Hand making metal industrial shelf brackets.
Hand making metal industrial shelf brackets.
There are times when you just have to know how and why things are made the way they are or how the product came about in the first place. So, I have decided to show you how I make my brackets and why they are designed the way they are!
I am not saying I have reinvented the wheel here there are plenty of people who make these things but to be frank a lot of people make them wrong! They put the piece attached to the wall up the back of the shelf instead of holding it up from underneath! This way it supports the shelf, and the bracket won’t get pulled out of the wall by its own weight. My opinion obviously, but I am right as I have made them and tested the brackets both ways!
All handcrafted bespoke furniture needs to have the strength and durability proven before people sell it. Otherwise, everyone might as well just buy mass produced products from China made by robots from cheap materials that will need replacing in a year, rather than buying tried and tested pieces hand made so you know it will last a lifetime!
Anyway, if you want to know how I do it then read on! If not, then go and see what my brackets look like and buy some if you want something handmade and strong to hold up your books or nick-knacks.
First things first, what are these industrial shelf brackets made from. Mild steel flat bar 40mm wide and 5mm thick. Its strong enough to make sure that the brackets once bent and welded will hold a lot of weight for books or anything else you want to put on shelves. I work out how wide the wood that they will be holding up is then I add 15 cm for the piece that goes down the wall and then 2 cm for the lip that curls round the front of the wooden shelving. Why? Well because I need to cut lengths for the whole bracket before anything gets bend into shape. This way I know each bracket is made from one solid piece of steel!
Make sure that all the places that need bending are marked using something that will stand all the manipulation that is needed to make these industrial brackets like a sharpie. Then, while still in flat form I drill the two holes for the wall fittings to go through also if the shelves will need to anchor to the metal itself then we need to drill a hole where the shelf will sit on the bracket so we can put a screw in to hold it tight.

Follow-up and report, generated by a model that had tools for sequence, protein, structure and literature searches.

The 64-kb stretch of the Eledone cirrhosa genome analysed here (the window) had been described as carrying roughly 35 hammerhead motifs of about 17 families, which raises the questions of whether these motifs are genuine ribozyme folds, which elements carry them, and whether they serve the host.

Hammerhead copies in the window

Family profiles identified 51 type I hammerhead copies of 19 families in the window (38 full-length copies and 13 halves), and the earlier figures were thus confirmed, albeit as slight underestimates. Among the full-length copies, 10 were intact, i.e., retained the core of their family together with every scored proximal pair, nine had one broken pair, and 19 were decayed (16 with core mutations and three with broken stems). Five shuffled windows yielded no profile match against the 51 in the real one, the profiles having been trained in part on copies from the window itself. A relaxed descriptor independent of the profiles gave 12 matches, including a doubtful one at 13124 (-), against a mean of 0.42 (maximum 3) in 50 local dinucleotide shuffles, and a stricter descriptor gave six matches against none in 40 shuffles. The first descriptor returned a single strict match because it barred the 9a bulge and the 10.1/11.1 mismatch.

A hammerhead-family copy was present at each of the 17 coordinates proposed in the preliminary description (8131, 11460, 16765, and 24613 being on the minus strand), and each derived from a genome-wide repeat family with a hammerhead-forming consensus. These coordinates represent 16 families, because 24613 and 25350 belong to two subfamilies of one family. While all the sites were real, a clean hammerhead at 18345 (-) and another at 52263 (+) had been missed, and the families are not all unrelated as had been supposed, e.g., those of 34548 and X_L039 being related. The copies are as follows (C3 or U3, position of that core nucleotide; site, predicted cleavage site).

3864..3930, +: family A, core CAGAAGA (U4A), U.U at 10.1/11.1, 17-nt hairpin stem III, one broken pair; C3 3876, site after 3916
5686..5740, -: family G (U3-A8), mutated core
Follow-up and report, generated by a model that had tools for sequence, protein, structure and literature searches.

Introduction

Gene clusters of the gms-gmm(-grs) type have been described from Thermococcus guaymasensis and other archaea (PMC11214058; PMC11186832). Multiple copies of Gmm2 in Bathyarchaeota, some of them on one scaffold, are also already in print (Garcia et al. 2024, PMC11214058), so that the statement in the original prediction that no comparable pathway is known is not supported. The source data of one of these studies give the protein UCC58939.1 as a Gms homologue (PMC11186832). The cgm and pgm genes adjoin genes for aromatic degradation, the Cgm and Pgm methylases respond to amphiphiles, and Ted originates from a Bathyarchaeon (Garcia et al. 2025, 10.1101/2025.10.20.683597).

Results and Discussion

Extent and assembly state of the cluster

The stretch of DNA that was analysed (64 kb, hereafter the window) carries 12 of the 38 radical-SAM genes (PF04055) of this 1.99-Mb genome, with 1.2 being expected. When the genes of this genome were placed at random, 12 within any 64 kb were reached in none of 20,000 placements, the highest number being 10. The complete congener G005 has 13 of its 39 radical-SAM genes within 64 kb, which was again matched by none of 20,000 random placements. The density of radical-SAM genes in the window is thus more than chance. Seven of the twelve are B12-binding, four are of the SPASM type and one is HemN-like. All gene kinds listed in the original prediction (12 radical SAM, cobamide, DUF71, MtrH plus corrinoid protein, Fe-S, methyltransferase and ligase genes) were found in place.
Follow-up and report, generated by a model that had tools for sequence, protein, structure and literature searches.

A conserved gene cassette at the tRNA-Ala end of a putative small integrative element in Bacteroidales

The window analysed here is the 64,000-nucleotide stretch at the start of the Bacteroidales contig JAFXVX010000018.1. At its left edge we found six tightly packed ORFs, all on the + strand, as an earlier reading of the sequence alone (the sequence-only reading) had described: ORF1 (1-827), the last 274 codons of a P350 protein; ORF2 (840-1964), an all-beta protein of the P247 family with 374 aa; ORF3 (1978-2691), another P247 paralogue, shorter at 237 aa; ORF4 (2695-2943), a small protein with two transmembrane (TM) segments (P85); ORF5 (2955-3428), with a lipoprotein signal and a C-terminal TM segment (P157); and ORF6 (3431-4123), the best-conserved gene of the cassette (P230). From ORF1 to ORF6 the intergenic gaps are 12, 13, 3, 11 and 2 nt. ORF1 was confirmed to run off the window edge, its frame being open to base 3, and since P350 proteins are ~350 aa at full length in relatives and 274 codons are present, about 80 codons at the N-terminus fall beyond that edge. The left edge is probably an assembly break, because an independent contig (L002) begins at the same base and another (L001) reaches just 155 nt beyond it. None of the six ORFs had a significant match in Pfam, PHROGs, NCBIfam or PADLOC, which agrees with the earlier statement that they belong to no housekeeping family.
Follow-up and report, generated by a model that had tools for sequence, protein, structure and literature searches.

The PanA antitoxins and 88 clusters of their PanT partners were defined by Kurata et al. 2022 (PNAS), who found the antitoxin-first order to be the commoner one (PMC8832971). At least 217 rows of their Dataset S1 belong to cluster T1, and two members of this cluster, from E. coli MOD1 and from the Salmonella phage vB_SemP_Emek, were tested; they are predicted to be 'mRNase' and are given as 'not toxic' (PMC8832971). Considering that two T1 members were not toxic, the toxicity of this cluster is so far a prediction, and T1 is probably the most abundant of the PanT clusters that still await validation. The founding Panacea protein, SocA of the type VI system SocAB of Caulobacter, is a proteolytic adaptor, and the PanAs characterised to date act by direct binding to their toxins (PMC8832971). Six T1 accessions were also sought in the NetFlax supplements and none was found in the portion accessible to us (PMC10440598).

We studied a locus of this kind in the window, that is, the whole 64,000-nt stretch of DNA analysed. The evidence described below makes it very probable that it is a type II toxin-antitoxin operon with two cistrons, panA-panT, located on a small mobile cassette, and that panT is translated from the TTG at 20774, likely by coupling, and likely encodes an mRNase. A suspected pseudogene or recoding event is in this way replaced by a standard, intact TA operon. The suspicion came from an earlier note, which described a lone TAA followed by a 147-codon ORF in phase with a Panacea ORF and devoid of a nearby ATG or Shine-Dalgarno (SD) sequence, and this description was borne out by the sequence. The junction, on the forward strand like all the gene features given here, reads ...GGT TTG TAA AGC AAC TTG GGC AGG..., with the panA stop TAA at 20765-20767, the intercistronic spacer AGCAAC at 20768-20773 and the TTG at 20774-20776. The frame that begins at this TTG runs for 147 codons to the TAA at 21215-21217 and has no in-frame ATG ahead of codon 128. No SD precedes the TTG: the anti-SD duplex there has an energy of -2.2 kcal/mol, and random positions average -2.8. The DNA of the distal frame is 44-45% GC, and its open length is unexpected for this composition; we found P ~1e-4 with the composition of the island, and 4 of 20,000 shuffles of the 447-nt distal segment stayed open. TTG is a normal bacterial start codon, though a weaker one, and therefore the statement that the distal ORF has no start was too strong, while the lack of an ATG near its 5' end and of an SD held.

I drill the metal at this stage so I don’t have to fight with the bent and welded metal once the bespoke shelf holders are fully manufactured, to drill the holes. Trust me, I learned all this from trial and error! I learn from all my mistakes or otherwise there isn’t any point in making mistakes!
Where all your markings are you need to cut half through the flat bar thus making it easier to bend the pieces into the right shape for the finished article. This way the metal pieces will bend easily but will still be a single piece of metal. This does two things. Firstly it keep the brackets in place for welding and even though its cut through somewhat it still means its all one piece so therefore stronger than cutting all the piece separately and welding them on. I use my trusty angle grinder, Makita made obviously using a 1mm cutting disc and cut half way through (roughly) and bend into shape. Cut all the bends at one time then bend them all together and finally weld them as a group as this way your time is not spent walking between benches and different tools!
Bending is not always easy but I'm a big lad I can make it happen!
line them all up for welding making sure all the bends have gone far enough so each bend is 90 degrees!
Once they are all checked for the right cuts and bends weld them up. I use a MiG 180 from R Tech for all my MiG work. I like them so much as a welding rig I bought two!
Weld up every bend to add to the metals natural strength to give you a solid MiG weld joint where its really needed to keep them as strong as possible to hold up those Handmade rustic wooden shelves.
Once all the welding is done then we have one more thing to do. Double check all the angles are right so they sit on those walls perfectly and then dress them all with a sander to make sure all sharp edges are taken care of and any over weald is smoothed out!
Once these are made I either paint them or don't it all depends on what the customer desires! They are very simple and when made right and with dedication to craft everyone is happy! (I hope!)
I think they look great on walls in man caves kitchens or kids rooms!
These are in the living room at my house because if I don't believe enough in my own products to use them every day how can I expect you to love them to?
Comment below if you want me to do more blogs about how i make things or to tell me your thoughts on what I do.